Memory (Botta)

For works with similar titles, see Memory.

        Maiden of the lofty brow,
        Mournful eye and cheek of snow;
        Thou whose gaze is ever cast
        On the pageant of the Past;
        Tell me what thou seest there;
        Tell me what its voices bear.
        "Wheresoe'er I turn mine eyes,
        Gorgeous visions on them rise.
        In the distance, dim and far,
        I see the glorious pomp of war:
        Grecian phalanx, Persian host,
        Darken now yon rocky coast;
        Now the youth of Macedon,
        Half the trembling earth has won;
        Now o'er barbaric hordes and kings,
        The Roman eagle flaps his wings.
        Where the Crusaders' ranks advance,
        I see their burnished armor glance;
        And turban'd Turk, in eastern garb,
        Spur to the charge his fiery barb.
        Kings and nobles I behold;
        Steel-clad knights and barons bold;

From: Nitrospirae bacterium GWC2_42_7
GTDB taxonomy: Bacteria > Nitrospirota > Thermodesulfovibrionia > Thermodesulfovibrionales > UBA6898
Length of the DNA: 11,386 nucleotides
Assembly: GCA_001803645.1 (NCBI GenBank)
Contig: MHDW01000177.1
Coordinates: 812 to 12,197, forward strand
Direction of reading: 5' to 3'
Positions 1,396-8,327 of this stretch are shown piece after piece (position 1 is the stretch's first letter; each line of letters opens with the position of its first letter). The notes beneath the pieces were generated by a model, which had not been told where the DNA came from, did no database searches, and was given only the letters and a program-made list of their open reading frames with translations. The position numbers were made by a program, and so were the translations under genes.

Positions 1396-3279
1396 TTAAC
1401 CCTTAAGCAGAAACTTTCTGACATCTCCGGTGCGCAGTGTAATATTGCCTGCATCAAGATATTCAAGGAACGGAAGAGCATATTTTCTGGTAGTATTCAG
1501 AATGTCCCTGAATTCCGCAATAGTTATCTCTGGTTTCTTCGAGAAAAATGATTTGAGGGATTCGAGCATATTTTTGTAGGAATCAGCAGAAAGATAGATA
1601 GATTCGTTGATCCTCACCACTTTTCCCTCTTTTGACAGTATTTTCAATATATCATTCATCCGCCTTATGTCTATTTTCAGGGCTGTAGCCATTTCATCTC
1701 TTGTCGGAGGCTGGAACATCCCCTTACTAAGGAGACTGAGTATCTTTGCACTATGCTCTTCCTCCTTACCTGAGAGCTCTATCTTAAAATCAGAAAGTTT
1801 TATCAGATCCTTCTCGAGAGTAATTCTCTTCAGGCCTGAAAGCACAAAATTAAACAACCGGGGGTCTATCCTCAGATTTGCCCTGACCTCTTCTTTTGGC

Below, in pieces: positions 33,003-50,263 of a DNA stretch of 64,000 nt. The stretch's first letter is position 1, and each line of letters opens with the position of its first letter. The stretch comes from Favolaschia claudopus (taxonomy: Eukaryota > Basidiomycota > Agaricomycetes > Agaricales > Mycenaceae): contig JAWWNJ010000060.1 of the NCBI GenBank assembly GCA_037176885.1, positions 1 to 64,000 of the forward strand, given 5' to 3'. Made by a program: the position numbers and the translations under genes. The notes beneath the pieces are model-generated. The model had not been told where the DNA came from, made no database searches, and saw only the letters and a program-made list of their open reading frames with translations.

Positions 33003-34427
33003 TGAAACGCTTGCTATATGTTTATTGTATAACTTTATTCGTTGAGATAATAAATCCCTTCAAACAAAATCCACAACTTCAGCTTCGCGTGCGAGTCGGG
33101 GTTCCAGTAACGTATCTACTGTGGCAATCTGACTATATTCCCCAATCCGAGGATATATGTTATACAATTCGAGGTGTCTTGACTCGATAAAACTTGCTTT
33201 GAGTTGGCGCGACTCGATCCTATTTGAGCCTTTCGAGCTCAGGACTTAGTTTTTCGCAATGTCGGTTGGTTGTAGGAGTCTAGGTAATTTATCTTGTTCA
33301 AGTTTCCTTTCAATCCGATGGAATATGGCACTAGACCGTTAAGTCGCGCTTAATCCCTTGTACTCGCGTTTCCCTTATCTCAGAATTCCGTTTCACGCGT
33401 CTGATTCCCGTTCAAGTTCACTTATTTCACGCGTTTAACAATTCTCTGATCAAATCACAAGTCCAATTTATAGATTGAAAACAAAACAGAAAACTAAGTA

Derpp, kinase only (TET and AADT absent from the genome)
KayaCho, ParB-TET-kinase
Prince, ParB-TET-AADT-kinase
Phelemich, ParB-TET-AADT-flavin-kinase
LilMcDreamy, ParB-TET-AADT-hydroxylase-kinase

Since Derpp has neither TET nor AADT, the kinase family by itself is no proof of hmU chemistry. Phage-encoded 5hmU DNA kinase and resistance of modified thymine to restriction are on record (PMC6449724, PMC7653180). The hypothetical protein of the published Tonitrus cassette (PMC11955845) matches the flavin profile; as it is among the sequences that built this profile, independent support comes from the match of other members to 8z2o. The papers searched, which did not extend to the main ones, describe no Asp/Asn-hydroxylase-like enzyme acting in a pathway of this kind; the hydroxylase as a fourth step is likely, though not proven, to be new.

Slaves and serfs, a countless band,
        Throng the misty, phantom-land.
        "Through cathedrals, old and dim,
        Echo anthem, prayer, and hymn;
        And holy priests, in flowing stoles,
        Chaunt masses for departed souls.
        I see the breathing forms of Art,
        From the Grecian marble start;
        Immortal pictures live and glow,
        From Raphael and Angelo.
        And voices, like the rushing blast,
        Swell through this temple of the past:
        Homer strikes his thrilling strings,
        And to the listening ages sings;
        Shakspeare's voice joins in the chime,
        Echoing through the vaults of Time;
        With the two to whom 'tis given
        To lift the veil that curtains Heaven.
        And while these changing shades appear,
        And while these voices green mine ear,
        Still, with vision backward cast,
        I must mourn the vanished past."

This work was published before January 1, 1926, and is in the public domain worldwide because the author died at least 100 years ago.